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91-year-old woman at Silicon Valley firm smashes older worker stereotypes

by Take Two®

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Michael Pollak, Flickr Creative Commons

IDEO is a global design firm ranked No. 10 on Fast Company's list of the Top 25 Most Innovative Companies.

It's considered innovative not only for the work it does, but the people who do that work, like 91-year-old Barbara Beskind. Writer Bonnie Tsui profiled her for the latest issue of Pacific Standard Magazine.

"Barbara is such an important component of the work that they do now," said Tsui. 

Beskind, who has extensive design experience, landed at IDEO after writing a letter to the company. She received a call a few days later, and her new job soon began.

"Her philosophy, I think we can all learn from," said Tsui. "She says, 'I expect change every day. There isn't a day that I don't.' So you just design for it, you prepare for it. She has macular degeneration -- she's losing her eyesight -- but she figures out a way to handle it."

And, Beskind is a hit with younger workers.

"Usually when she arrives, there's an email that goes around the office, 'She's here!' And everyone is buzzing," said Tsui. "She's an integral part of the company culture now, and everyone talks to her like a peer."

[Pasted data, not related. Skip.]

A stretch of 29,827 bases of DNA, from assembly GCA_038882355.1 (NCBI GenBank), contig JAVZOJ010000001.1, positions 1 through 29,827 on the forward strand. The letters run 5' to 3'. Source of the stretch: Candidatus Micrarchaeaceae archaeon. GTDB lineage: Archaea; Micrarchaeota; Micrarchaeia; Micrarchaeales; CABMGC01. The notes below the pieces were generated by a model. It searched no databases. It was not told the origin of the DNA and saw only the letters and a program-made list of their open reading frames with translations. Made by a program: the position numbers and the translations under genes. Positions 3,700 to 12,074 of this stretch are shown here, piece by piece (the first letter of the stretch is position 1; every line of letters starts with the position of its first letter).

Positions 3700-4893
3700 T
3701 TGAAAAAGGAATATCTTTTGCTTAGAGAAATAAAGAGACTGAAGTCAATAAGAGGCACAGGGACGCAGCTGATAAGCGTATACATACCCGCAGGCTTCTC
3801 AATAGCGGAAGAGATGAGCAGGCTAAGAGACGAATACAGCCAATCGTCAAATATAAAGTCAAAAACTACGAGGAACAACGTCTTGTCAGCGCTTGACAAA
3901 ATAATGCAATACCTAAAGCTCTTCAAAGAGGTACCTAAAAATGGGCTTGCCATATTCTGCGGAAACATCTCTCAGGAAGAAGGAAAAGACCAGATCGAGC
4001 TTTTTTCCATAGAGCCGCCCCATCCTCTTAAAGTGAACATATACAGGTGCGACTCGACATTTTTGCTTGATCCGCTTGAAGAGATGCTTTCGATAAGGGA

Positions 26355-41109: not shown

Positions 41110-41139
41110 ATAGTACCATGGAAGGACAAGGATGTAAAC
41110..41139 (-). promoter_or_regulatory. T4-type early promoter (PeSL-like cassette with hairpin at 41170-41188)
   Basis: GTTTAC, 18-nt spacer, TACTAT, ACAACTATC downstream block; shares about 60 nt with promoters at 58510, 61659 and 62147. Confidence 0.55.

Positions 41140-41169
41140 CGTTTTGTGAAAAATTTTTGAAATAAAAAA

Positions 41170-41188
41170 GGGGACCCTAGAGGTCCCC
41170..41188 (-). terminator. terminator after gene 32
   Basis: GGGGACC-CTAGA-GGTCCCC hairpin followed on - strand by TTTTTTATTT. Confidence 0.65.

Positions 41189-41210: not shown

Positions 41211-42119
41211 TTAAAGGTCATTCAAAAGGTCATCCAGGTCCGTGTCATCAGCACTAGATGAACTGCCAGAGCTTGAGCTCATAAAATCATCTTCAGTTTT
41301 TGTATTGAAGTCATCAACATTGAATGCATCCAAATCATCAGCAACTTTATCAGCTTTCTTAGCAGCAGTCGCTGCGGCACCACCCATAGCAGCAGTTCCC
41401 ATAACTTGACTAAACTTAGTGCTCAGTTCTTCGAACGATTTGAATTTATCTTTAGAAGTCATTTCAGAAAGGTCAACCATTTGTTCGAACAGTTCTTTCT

Tsui thinks that Beskind is a glimpse into the future of the workforce.

"So many Americans now are going to be working longer, living longer, and the capabilities and the knowledge that they [older workers] have in all their experiences is something that companies and businesses need to take advantage of and be aware of how to fully rely on," said Tsui.  

It goes without saying that Beskind is an anomaly, and our current attitudes toward older workers could be the problem.

"This culture of agism that we have here in our society, it kind of affects how we think about our abilities," said Tsui. "They've done studies on memory tests, and older people might perform worse than younger people on these memory tests because they expect to." 

As for Beskind, it may not come as a surprise that she has no plans to slow down any time soon.

"She keeps telling me that she keeps trying to retire. She's tried to do it five times," Tsui said. "And every time, it never sticks."

To listen to the full interview, click on the blue audio player above

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